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Guided Lab: Creating Your First Application Load Balancer


Application Load Balancer (ALB) operates at the application layer (Layer 7 of the OSI model) and is designed to route HTTP/HTTPS traffic. But why use an ALB? While one can host an application on a single EC2 instance or vertically scale an instance for more resources, there are limits.

ALB is usually used when:

  1. High availability is required: ALB can route traffic across multiple Availability Zones (AZs). If an instance in one AZ fails, ALB redirects traffic to healthy instances in other AZs.
  2. Using Auto Scaling Groups (ASG) for dynamic scaling: ALB integrates seamlessly with EC2 Auto Scaling. Together, they help you create a multi-AZ environment that lets you scale out when the need arises. Instead of scaling a single instance vertically, you can simply add more instances when you need them, avoiding the fuss of resizing an EC2 instance.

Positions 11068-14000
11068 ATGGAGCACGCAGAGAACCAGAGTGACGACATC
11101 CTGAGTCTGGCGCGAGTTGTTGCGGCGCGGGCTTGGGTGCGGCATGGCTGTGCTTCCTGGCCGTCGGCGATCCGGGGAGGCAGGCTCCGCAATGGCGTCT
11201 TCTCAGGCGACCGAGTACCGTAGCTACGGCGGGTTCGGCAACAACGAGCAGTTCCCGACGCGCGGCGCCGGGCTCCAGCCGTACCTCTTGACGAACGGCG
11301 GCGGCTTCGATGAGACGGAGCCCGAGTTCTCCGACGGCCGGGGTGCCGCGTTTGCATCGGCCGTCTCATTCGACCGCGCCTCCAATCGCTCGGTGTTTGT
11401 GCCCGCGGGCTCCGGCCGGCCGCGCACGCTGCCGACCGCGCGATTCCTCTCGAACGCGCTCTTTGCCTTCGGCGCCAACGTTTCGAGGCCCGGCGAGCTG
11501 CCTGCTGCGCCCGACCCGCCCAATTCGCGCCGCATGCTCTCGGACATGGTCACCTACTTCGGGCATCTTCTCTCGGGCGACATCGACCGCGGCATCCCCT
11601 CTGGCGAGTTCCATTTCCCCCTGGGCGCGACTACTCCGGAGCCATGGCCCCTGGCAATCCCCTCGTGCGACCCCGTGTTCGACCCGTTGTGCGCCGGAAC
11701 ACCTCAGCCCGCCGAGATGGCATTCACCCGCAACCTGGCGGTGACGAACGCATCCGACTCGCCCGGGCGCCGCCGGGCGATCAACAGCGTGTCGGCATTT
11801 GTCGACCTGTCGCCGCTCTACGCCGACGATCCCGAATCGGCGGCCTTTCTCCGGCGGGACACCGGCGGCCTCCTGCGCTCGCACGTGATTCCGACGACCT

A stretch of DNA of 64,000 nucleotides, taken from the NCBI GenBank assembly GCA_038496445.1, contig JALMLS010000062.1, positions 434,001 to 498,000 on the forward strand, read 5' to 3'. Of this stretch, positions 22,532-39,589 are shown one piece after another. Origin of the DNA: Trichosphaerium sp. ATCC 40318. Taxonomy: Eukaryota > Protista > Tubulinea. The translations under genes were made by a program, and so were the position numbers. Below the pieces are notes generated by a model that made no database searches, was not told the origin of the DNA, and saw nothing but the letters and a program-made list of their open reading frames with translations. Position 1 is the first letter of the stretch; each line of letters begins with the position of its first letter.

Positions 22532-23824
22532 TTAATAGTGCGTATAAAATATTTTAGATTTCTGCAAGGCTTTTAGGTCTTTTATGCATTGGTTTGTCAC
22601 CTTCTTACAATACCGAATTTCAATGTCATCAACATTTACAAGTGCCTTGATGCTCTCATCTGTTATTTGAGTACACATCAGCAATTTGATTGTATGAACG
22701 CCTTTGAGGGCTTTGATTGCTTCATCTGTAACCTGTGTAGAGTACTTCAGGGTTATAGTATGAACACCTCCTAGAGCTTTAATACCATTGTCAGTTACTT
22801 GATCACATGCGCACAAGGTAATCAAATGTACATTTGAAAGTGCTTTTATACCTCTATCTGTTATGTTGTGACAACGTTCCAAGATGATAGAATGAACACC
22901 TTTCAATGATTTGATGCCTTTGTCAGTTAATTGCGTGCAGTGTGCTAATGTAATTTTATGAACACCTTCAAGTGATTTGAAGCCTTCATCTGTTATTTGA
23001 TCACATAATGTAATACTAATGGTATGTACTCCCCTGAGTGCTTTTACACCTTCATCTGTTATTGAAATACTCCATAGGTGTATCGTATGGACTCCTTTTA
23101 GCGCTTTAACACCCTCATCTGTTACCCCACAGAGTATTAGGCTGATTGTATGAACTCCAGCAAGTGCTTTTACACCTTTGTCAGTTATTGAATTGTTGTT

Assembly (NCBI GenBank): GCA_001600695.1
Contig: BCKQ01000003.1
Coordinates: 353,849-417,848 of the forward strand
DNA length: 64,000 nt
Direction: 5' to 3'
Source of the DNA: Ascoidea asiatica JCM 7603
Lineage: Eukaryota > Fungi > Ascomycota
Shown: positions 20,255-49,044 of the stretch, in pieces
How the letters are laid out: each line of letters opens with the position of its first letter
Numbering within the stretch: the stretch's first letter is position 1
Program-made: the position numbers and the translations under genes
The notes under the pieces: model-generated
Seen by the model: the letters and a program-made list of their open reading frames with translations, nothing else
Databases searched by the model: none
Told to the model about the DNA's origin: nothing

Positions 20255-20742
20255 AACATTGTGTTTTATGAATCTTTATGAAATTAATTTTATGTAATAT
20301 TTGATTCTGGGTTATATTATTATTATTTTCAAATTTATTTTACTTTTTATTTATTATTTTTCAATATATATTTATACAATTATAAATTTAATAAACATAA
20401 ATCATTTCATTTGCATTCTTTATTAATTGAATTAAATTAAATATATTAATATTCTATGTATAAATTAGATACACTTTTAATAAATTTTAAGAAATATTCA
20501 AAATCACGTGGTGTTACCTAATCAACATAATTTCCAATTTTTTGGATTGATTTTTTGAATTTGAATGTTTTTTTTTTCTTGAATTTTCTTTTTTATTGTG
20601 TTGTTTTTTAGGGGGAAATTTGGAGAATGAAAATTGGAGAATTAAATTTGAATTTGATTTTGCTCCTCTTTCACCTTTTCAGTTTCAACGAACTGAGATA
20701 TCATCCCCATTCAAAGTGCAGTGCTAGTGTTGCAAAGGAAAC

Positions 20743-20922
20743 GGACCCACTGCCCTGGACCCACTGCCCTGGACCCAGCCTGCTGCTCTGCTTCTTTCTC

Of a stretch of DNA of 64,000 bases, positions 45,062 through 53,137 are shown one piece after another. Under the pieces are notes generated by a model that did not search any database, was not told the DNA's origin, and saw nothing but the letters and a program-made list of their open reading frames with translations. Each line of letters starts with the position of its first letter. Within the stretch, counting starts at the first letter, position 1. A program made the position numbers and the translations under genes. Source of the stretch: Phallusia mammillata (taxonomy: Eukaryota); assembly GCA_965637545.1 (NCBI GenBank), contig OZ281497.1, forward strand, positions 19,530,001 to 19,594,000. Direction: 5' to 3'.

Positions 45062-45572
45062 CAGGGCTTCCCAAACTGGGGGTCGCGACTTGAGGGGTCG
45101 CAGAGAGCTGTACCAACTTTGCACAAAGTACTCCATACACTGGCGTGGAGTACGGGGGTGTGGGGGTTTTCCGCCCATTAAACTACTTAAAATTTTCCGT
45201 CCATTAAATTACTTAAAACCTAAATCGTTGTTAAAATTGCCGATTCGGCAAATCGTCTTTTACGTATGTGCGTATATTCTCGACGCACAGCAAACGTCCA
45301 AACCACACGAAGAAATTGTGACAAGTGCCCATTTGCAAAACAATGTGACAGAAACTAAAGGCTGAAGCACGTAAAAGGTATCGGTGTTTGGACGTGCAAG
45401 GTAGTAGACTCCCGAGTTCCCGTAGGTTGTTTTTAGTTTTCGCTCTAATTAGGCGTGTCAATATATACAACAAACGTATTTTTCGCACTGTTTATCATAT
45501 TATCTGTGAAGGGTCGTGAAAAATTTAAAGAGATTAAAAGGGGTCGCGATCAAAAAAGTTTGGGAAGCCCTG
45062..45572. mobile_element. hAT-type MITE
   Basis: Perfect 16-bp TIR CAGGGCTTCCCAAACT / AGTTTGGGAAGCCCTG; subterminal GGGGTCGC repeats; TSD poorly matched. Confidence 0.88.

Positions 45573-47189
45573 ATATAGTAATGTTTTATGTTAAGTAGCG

3. HTTP-based routing is desired: ALB supports various request routing based on HTTP parameters. This enables use cases like:
    1. Path-based routing: Directs client requests to specific services based on the URL path. For instance, /images could route to an image server while /api goes to an API server.
    2. Host-based routing: Routes requests based on the domain name. Useful for hosting multiple domains on a single load balancer.
    3. HTTP header routing: Routes traffic based on headers, query parameters, or HTTP methods.


This lab assumes you have experience creating EC2 instances and are familiar with its basic components.

If you find any gaps in your knowledge, consider taking the following labs:

  • Creating an Amazon EC2 instance (Linux)
  • Setting up a Web server on an EC2 instance
  • Launching an EC2 Instance with User Data


In this lab, we’ll set up two EC2 instances to demonstrate how an ALB distributes traffic visually. One will display a red web page, and the other a blue one. As you access the ALB, the page colors will switch, representing the load distribution between instances.